The U.S. Department of Agriculture has approved commercial planting of two types of potatoes that are genetically engineered to resist the pathogen that caused the Irish potato famine.
The potatoes next must clear a voluntary review process through the Food and Drug Administration as well as get the OK from the U.S. Environmental Protection Agency.
The approval covers Idaho-based J.R. Simplot Co.’s Ranger Russet and Atlantic varieties of the company’s second generation of Innate potatoes.
The company says the potatoes will also have reduced bruising and black spots, enhanced storage capacity, and a reduced amount of a chemical created when potatoes are cooked at high temperatures that’s a potential carcinogen.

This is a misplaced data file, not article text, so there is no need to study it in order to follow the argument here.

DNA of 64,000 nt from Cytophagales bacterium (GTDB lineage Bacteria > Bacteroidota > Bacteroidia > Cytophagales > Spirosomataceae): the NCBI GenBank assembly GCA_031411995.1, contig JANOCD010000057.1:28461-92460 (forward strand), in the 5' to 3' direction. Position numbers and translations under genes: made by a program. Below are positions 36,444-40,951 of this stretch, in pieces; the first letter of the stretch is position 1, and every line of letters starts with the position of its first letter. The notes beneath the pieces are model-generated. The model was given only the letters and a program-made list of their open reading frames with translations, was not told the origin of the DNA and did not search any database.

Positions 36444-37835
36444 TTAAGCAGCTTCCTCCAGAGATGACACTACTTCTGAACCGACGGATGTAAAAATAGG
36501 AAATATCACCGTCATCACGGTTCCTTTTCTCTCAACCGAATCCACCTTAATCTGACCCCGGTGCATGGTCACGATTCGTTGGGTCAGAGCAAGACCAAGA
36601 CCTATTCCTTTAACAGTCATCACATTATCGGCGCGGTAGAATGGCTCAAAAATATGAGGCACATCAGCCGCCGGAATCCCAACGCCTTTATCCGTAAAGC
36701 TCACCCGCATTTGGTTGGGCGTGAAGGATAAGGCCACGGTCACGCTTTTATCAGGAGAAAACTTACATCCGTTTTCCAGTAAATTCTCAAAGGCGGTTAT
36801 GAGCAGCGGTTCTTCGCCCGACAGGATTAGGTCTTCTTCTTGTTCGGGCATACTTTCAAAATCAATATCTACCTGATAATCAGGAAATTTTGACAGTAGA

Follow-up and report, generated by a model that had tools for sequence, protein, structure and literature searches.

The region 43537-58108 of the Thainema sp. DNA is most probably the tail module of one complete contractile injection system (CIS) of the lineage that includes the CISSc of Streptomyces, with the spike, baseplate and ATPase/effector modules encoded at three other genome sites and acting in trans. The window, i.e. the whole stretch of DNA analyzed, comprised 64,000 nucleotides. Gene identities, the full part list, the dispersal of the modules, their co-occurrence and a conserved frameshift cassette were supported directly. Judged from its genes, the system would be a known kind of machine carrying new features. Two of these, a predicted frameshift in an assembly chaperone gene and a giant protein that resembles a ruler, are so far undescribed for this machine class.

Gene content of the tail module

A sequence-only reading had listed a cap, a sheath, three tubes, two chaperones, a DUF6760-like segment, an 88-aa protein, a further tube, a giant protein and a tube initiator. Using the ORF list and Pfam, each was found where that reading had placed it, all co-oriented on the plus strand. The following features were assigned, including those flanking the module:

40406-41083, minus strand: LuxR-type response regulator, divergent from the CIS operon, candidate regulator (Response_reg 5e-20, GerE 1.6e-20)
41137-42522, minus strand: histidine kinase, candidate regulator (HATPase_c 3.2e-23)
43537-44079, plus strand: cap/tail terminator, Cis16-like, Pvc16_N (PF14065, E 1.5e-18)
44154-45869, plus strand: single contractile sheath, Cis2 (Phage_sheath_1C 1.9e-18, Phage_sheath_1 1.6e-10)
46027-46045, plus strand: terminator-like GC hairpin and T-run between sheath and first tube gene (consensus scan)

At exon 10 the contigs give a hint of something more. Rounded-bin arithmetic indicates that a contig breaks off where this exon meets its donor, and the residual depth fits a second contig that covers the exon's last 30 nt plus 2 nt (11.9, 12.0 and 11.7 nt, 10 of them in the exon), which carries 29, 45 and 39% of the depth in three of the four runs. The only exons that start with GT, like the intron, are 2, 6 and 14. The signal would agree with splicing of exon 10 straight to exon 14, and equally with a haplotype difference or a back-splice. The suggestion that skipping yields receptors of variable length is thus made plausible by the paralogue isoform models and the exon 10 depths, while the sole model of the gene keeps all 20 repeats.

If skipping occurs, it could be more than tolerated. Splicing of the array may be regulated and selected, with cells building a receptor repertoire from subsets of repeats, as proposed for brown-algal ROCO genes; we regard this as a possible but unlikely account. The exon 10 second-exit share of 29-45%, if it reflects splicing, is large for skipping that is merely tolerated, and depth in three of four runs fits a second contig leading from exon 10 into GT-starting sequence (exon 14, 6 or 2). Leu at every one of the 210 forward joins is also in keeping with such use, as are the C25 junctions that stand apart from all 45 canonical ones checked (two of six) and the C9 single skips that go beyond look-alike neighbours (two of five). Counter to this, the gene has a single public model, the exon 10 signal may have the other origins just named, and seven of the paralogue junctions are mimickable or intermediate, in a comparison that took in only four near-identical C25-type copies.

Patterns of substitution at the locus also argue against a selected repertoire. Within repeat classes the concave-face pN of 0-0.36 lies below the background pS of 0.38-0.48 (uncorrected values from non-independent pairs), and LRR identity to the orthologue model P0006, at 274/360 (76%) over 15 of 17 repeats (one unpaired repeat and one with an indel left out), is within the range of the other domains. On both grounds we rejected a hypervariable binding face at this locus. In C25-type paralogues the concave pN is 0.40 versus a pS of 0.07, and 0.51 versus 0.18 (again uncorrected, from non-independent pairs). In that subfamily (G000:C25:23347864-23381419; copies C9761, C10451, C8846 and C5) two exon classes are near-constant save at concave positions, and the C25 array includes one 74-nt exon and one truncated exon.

“We obviously are very proud of these,” said company spokesman Doug Cole.
The company says it expects those approvals in January with the potatoes entering the market next spring.
The two varieties join a third variety with the same traits called the Russet Burbank that has already Been approved by the Agriculture Department and FDA, with EPA approval also expected in January.